The real-time multivariate MJO (RMM) index, whose principal components were derived from a combined empirical orthogonal functions analysis of tropical OLR and zonal wind, defines the evolution of MJO as an eight-phase cycle and represents the location of active MJO [40]. The daily RMM index was obtained from the Centre for Australian Weather and Climate Research. To extract variations at an intraseasonal timescale, the daily OLR, surface wind, and SSS anomalies were computed by removing the seasonal cycle for the period of 2015–2018 and then applying the 30–90 day bandpass filter. The criterion for the MJO composite was the RMM index amplitude greater than one.
To understand the role of the cyclonic eddy on the plume water transport in June 2015, the eddy-induced freshwater transport was estimated. According to Schiller et al. [9], the freshwater transport (Qfw) across a selected section can be computed as follows:
Q f w = h η S a S S a v d z d x
where v is the horizontal velocity normal to the section, η is the sea level, h is the bottom depth, the integral with respect to x is the horizontal distance along the section, Sa is the background undiluted salinity, and S is the diluted salinity due to the river discharge. In summer, the eastward spreading plume can reach a depth of 10–20 m [5]. As the satellite cannot measure the plume thickness, we used 15 m as the thickness of the plume.

3. Results and discussion

3.1. General Features

The climatological spatial distributions of Chla, SSS, SST, wind, and surface nitrate concentration for June–August are shown in Figure 1. During the boreal summer, the southerly/southwesterly wind prevailed in the northern SCS, driving northeastward alongshore currents off the Pearl River Estuary (Figure 1c). Although the SMAP product is limited to a distance of 50 km near the coast, the freshwater entering the northeastern SCS from the Pearl River Estuary was captured well by the SSS (Figure 1d). The most prominent feature was the eastward transport of freshwater (<33 psu), which was consistent with previous cruise observations in Pearl River Estuary [2,5]. The spatial distribution of precipitation minus evaporation did not coincide with low salinity there, suggesting that the low salinity east of the estuary was not due to local freshwater fluxes (Figure 1d). Influenced by southwesterly-upwelling favorable winds and nutrient-rich plume water, the near-shore region was characterized by a shallow nitracline (<50 m) and relatively high nitrate concentration (>0.4 mmol/L; Figure 1c,e). The remaining area featured a deep nitracline and low nitrate concentration, indicating the oligotrophic characteristics of the northern SCS. As a result, a relatively high Chla concentration was observed near the continental shelf, which decreased seaward (Figure 1b).

3.2. Madden–Julian Oscillation-Related Offshore Transport of the Plume

MJO is a major source of tropical intraseasonal variability over a period of 30–90 days, which is active in the SCS. Figure 2 illustrates the longitude–time sections of SSS averaged between 21–23°N. The offshore transport of freshwater recurred annually but had strong interannual variability, and the SSS variations comprised intraseasonal events (Figure 2a–d). During a typical year, the SSS showed distinct 30–60 day variations, with 2–3 prominent low SSS events from mid-May to late September and their magnitudes were much lower than the climatological values. Low-salinity water persisted for approximately 15–30 days and extended eastward to 118°E in most events The Chla exhibited significant intraseasonal variability, and the development of the phytoplankton blooms were roughly consistent with the low salinity water intraseasonal variations (Figure 2e–h).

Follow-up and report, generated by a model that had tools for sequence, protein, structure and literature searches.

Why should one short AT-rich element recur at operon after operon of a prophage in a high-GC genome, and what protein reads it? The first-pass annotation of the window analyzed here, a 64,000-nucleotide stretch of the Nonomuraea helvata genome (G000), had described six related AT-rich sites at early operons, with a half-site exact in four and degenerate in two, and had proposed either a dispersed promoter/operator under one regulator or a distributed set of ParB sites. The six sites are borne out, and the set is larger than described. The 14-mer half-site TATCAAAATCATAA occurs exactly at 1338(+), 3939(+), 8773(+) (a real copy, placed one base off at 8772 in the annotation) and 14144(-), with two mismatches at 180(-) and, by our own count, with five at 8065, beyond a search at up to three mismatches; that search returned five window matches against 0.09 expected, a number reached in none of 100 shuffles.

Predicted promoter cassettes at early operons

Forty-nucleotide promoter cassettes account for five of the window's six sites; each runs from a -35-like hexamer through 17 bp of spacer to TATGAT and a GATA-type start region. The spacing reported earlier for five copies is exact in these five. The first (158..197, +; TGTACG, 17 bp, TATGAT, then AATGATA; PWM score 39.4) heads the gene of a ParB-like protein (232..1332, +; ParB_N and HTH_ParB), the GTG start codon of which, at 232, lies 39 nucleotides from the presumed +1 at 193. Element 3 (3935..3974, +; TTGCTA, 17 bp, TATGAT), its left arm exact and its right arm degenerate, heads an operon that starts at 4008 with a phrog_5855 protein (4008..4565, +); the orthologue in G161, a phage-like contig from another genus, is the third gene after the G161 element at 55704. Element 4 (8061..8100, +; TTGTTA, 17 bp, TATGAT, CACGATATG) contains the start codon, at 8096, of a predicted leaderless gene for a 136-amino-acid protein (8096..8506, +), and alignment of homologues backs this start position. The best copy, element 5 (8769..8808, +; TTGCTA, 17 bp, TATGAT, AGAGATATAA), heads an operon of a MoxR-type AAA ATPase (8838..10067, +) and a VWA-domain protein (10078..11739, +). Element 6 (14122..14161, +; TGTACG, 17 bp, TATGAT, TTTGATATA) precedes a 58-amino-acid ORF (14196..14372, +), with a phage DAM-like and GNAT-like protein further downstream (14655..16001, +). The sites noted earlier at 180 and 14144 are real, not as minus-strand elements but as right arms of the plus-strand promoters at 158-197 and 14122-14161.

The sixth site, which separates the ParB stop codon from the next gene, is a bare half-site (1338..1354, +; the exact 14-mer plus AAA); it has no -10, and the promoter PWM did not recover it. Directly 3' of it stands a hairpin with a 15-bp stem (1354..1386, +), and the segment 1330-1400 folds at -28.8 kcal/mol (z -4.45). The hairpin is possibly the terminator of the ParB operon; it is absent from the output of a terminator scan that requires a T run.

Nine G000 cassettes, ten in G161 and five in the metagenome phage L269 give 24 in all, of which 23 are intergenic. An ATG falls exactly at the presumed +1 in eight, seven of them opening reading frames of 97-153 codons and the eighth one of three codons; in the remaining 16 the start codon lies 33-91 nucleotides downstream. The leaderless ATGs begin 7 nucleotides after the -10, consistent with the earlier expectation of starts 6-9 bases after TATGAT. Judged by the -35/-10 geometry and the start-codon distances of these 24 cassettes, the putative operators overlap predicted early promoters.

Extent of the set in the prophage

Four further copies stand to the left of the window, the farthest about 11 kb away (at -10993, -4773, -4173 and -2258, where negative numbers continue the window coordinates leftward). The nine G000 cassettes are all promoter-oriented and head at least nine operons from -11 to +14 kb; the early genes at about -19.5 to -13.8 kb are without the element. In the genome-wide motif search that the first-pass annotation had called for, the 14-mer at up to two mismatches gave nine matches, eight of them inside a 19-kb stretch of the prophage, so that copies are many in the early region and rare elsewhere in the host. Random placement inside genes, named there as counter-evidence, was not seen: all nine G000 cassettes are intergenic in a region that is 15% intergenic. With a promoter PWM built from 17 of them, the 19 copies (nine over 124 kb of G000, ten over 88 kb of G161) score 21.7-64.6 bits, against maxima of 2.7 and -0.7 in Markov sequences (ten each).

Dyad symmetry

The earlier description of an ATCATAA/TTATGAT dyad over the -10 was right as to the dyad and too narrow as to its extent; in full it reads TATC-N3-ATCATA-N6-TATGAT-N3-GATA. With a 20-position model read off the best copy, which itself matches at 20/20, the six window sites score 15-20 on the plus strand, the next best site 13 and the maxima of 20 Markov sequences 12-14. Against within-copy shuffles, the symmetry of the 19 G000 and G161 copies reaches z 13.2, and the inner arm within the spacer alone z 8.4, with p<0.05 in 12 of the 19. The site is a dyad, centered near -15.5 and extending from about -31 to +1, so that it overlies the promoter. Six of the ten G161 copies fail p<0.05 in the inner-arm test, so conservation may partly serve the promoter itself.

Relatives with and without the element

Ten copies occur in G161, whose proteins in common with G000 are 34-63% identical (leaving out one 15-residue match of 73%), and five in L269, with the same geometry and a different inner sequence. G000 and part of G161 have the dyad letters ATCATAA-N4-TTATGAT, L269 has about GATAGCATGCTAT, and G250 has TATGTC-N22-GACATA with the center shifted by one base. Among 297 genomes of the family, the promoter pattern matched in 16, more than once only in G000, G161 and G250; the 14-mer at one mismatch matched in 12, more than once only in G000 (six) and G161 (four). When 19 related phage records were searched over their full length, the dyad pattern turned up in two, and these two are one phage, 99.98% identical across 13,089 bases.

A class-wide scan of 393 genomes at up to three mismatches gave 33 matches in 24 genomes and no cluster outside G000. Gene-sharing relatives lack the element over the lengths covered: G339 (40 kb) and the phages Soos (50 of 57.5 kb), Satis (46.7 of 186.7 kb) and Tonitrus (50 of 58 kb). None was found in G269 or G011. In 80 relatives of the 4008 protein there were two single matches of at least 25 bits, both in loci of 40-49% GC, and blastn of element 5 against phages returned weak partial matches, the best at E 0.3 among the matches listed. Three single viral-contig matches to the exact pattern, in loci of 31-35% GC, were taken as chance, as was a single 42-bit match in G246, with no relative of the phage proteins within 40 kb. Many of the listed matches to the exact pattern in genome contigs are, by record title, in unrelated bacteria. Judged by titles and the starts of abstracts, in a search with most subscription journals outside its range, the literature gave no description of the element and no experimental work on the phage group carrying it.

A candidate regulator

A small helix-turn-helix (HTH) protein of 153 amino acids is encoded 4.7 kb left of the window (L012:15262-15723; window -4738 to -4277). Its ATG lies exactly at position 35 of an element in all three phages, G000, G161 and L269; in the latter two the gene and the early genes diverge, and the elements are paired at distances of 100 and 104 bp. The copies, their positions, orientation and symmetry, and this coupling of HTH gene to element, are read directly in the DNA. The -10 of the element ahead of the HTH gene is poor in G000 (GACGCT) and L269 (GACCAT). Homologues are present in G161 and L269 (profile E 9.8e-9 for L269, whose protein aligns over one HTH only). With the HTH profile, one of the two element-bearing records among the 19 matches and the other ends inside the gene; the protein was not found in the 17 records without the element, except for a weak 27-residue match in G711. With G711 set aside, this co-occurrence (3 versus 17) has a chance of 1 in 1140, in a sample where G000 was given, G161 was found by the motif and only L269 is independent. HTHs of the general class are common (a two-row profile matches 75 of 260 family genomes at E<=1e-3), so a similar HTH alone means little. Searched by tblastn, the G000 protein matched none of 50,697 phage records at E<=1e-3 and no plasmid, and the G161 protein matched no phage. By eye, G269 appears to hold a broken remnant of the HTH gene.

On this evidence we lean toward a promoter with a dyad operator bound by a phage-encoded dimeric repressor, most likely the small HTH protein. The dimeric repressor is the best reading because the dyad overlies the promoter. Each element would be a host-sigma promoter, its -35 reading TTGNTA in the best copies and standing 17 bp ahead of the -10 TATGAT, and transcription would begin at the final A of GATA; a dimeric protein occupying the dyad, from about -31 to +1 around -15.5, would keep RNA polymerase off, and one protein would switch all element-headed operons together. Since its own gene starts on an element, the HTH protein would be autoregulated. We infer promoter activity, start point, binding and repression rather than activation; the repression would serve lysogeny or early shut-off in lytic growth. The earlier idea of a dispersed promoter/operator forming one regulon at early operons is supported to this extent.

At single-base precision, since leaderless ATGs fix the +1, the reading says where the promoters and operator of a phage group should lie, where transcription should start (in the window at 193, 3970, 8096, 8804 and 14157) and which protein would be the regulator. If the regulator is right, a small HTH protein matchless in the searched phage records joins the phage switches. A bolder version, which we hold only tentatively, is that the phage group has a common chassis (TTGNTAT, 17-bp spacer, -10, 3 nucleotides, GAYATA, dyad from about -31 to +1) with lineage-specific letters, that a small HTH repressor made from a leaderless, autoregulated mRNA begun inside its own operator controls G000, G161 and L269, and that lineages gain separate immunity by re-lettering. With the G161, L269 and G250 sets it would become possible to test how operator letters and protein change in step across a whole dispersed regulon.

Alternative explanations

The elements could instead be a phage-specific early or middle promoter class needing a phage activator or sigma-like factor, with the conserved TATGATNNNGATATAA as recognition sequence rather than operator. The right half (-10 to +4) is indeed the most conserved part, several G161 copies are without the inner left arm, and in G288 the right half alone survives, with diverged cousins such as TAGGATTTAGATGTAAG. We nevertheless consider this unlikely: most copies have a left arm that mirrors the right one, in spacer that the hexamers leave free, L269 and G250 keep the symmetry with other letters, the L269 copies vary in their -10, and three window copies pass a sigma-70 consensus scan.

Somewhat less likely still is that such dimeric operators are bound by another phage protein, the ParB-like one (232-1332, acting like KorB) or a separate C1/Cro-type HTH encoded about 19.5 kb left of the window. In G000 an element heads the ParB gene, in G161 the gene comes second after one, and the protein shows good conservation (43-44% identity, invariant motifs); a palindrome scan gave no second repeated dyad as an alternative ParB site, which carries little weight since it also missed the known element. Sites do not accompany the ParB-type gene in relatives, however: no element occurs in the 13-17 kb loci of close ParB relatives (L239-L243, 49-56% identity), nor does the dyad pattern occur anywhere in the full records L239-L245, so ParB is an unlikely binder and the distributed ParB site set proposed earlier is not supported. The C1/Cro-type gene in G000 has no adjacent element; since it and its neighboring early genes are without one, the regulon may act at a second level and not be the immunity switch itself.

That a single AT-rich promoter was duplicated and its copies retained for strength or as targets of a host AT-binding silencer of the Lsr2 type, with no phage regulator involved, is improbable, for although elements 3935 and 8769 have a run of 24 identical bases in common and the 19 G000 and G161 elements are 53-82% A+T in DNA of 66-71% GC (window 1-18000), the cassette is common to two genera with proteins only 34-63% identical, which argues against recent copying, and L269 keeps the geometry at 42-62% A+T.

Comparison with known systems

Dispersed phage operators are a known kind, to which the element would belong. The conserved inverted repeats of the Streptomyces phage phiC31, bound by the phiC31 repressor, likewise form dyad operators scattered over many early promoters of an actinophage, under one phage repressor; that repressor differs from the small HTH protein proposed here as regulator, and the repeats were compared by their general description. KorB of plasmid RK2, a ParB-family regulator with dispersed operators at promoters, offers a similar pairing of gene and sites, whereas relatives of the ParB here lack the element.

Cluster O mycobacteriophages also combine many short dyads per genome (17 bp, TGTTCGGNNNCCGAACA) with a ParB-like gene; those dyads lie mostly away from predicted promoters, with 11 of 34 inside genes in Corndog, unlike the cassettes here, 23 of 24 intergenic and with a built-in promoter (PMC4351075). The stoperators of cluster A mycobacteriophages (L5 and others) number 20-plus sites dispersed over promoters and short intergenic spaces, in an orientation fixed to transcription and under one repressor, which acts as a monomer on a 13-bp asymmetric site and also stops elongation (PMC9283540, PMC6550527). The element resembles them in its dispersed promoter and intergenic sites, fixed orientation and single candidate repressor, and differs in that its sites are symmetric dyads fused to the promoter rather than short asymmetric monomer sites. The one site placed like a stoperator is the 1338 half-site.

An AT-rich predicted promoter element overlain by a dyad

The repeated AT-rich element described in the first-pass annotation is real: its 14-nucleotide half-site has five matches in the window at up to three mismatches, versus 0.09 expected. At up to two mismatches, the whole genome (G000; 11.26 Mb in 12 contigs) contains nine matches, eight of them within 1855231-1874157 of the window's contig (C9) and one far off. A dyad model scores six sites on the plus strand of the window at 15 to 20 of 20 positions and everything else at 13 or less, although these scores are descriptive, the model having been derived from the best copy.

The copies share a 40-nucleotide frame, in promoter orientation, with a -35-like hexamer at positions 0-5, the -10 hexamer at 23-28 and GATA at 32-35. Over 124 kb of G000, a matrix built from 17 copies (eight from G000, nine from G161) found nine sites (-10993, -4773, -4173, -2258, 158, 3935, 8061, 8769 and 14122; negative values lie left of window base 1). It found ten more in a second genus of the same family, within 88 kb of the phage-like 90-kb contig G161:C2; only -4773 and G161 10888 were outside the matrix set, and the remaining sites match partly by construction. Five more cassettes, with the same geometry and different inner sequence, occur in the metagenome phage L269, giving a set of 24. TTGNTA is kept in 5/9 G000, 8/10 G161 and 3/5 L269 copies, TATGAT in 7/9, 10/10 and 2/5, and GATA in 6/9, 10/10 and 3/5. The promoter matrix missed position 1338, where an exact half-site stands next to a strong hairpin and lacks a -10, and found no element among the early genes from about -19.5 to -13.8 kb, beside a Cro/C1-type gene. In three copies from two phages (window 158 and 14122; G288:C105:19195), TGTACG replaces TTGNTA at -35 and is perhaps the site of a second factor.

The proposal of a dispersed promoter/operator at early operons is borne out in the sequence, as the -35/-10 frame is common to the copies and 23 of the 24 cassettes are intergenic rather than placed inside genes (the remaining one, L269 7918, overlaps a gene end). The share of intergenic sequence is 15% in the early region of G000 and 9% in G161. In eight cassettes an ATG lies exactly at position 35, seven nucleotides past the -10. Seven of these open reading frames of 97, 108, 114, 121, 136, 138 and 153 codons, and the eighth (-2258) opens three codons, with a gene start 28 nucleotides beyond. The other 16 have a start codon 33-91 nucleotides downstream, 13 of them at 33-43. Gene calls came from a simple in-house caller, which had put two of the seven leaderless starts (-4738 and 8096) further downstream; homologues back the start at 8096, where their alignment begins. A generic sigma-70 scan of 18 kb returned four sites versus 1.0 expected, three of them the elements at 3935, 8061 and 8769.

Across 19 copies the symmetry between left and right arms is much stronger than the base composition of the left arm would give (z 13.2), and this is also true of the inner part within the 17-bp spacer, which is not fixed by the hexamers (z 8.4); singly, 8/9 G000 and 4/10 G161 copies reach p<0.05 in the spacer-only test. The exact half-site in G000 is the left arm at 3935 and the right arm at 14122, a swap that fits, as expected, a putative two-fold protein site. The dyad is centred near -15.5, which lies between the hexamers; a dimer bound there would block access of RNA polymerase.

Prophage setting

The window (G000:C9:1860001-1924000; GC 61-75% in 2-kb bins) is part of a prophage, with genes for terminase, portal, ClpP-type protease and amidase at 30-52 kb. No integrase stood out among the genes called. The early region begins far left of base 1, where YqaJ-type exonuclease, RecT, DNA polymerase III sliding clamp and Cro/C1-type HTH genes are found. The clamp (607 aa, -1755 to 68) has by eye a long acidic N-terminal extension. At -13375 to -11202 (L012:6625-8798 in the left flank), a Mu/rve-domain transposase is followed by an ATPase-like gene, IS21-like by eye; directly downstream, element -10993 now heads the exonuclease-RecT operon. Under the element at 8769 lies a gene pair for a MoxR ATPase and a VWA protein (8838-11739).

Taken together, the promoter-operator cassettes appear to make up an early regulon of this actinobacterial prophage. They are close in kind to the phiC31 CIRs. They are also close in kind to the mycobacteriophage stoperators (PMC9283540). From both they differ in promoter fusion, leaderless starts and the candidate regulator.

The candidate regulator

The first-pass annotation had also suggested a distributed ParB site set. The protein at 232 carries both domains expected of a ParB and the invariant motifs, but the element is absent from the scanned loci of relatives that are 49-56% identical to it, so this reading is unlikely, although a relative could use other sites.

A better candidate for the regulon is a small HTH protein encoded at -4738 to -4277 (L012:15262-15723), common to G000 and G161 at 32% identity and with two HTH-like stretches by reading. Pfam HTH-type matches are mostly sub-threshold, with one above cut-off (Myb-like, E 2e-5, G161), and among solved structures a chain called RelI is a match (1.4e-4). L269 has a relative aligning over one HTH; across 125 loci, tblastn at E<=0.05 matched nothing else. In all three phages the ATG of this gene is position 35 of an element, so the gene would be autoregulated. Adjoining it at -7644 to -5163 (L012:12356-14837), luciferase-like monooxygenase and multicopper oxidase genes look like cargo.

The snapshots of Chla and SSS for the seven strong intraseasonal events of SSS in the northeastern SCS during 2015–2018 are presented in Figure 3. All the images revealed extensive phytoplankton blooms in the northeastern SCS. Previous studies suggested that phytoplankton blooms over the northern SCS shelf were modulated by nutrient enrichment from intensified upwelling over the widened shelf and from the river plume [2]. The high Chla concentration (>1 mg/m3) in the outer shelf coincided well with the low SSS, suggesting the strong impact of the Pearl River plume. The spatial distributions of Chla and SSS captured the eastward expansion of the nutrient-rich plume water influenced by the surface Ekman currents well. The Chla patterns provided more detail of the eastward dispersal pathways of freshwater in the inner shelf region. The considerably high near-shore Chla concentration also reflected the nutrient supply from the upwelling process. Although the SMAP SSS has not been validated for accuracy directly in the northern SCS, the close relationship between SSS and Chla suggests that the distinct 30–60 day variations of the Pearl River plume are robust.
To further investigate the intraseasonal variability of the Pearl River plume, the 30–90 day bandpass-filter was applied to the daily SSS. The longitude–time sections of filtered SSS anomalies showed much more prominent intraseasonal variations (Figure 4a–h). The SSS anomalies varied concurrently with the alongshore wind anomalies, reflecting the intensity of the surface Ekman transport (Figure 4i–l). The occurrence of freshwater offshore transport was roughly in phase with the MJO index in phases 1–5, confirming the important role of MJO over the northeastern SCS (Figure 4m–p). The low SSS events occurred during southwesterly wind (positive alongshore wind) anomalies, which corresponded to an intensification of the climatological summer monsoon. The enhancement of alongshore wind resulted in stronger Ekman transport and drove the plume eastward.